In 1991 work began on a project costing £8 million to add two further tracks between North Quay and Canary Wharf. This involved the demolition and rebuilding of West India Quay station. The main contractor was Mowlem Civil Engineering and the work was completed in 1993. (fn. 85)
Following Ministerial complaints and lobbying from Olympia & York, in April 1992 ownership of the DLR was transferred from London Transport to the LDDC. (fn. 86) The figures for March to May 1992 showed that reliability had greatly improved and in one week the DLR had the best reliability figure for any railway line in London. In the same period passenger numbers rose to 32,000 a day, compared with 23,000 in 1991. (fn. 87)
The Jubilee Line Extension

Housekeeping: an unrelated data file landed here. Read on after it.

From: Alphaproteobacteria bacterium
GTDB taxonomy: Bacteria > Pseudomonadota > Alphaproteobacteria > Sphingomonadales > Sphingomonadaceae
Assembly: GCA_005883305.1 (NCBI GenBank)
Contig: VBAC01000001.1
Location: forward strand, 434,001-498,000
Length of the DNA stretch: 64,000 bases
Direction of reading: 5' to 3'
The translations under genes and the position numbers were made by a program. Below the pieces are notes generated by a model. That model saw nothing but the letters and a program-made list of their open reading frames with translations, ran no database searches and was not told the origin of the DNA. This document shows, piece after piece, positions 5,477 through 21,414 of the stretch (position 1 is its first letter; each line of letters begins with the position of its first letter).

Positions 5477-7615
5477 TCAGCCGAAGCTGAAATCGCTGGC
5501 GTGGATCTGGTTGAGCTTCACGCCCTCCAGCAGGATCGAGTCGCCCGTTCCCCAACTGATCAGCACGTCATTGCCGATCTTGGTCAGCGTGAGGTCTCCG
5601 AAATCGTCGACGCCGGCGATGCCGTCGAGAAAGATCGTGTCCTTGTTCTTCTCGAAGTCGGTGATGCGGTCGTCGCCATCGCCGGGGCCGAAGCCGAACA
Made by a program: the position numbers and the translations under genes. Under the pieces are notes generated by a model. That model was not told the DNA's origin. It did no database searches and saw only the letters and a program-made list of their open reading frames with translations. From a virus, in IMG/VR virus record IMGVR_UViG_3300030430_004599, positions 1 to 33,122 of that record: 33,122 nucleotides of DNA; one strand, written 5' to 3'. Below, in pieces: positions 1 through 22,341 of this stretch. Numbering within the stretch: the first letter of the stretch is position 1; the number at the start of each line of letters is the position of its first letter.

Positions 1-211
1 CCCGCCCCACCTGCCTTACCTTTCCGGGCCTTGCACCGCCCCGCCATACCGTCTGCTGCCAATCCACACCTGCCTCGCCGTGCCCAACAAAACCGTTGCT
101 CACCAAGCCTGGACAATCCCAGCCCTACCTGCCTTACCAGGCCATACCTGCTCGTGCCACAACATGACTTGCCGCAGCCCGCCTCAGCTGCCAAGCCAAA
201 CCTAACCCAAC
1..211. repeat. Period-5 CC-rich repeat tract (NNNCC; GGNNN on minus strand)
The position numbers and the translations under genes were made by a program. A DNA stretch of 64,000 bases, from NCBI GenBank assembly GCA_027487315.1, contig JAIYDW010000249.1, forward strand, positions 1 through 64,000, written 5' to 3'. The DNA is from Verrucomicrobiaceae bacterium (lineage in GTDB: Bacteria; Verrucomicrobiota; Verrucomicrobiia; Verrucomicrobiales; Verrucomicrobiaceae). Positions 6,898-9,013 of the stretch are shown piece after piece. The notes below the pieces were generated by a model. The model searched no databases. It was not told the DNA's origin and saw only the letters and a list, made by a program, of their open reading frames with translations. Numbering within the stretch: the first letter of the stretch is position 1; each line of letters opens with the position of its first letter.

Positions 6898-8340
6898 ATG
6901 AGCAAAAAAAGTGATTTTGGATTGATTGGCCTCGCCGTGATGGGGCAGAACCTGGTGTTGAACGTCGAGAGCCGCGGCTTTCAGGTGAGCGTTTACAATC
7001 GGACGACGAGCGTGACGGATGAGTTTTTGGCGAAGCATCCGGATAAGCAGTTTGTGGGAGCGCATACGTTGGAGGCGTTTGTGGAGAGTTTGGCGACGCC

Proposals for an eastward extension to the Jubilee underground line had long existed, and it was originally intended that it should include links with Cannon Street and Fenchurch Street stations. (fn. 88) However, a report published by London Transport International in 1988 suggested that the Jubilee Line extension was neither an immediate priority for London's overall transport network nor even for that of Docklands. (fn. 89) Nevertheless, Olympia & York, pressed by some of their future tenants, considered the extension vital to the success of Canary Wharf, and during 1988 and early 1989 attempted to introduce a Private Bill into Parliament authorizing the line. (fn. 90) When this failed, they approached the Government, offering to raise £180 million from private sources towards the cost of construction, then put at £450 million (as against £230 million in 1980). (fn. 91) In November 1989 approval was given for a ten-mile extension of the Jubilee Line, from Green Park via Waterloo and London Bridge to Canary Wharf and Stratford. But the Government made it clear that any extension would only be built if there was 'a very substantial contribution from private developers'. (fn. 92) The developers (mainly, in fact, Olympia & York) agreed to contribute £400 million over 25 years towards the estimated cost, now £1 billion. (fn. 93) When the developers of Port Greenwich offered to contribute £25 million, the route was altered in 1990 to run southwards via that development rather than eastwards through the East India Dock site. (fn. 94) The Bill for the Jubilee Line extension was submitted in November 1989, (fn. 95) but was not approved until March 1992. (fn. 96) With Olympia & York already in financial difficulties, its bankers were unwilling to sanction the payment of the company's initial contribution of £40 million due on 1 April 1992 (see page 711). (fn. 97) In November 1992 it was announced that the Government had negotiated a satisfactory arrangement for the funding of the project. (fn. 98) It is to provide £1.5 billion for the project and Canary Wharf's bankers the other £400 million. Work on the extension began in December 1993, and the line is due to open in 1998. The new Jubilee Line station at Canary Wharf has been designed by Sir Norman Foster & Partners. (fn. 99)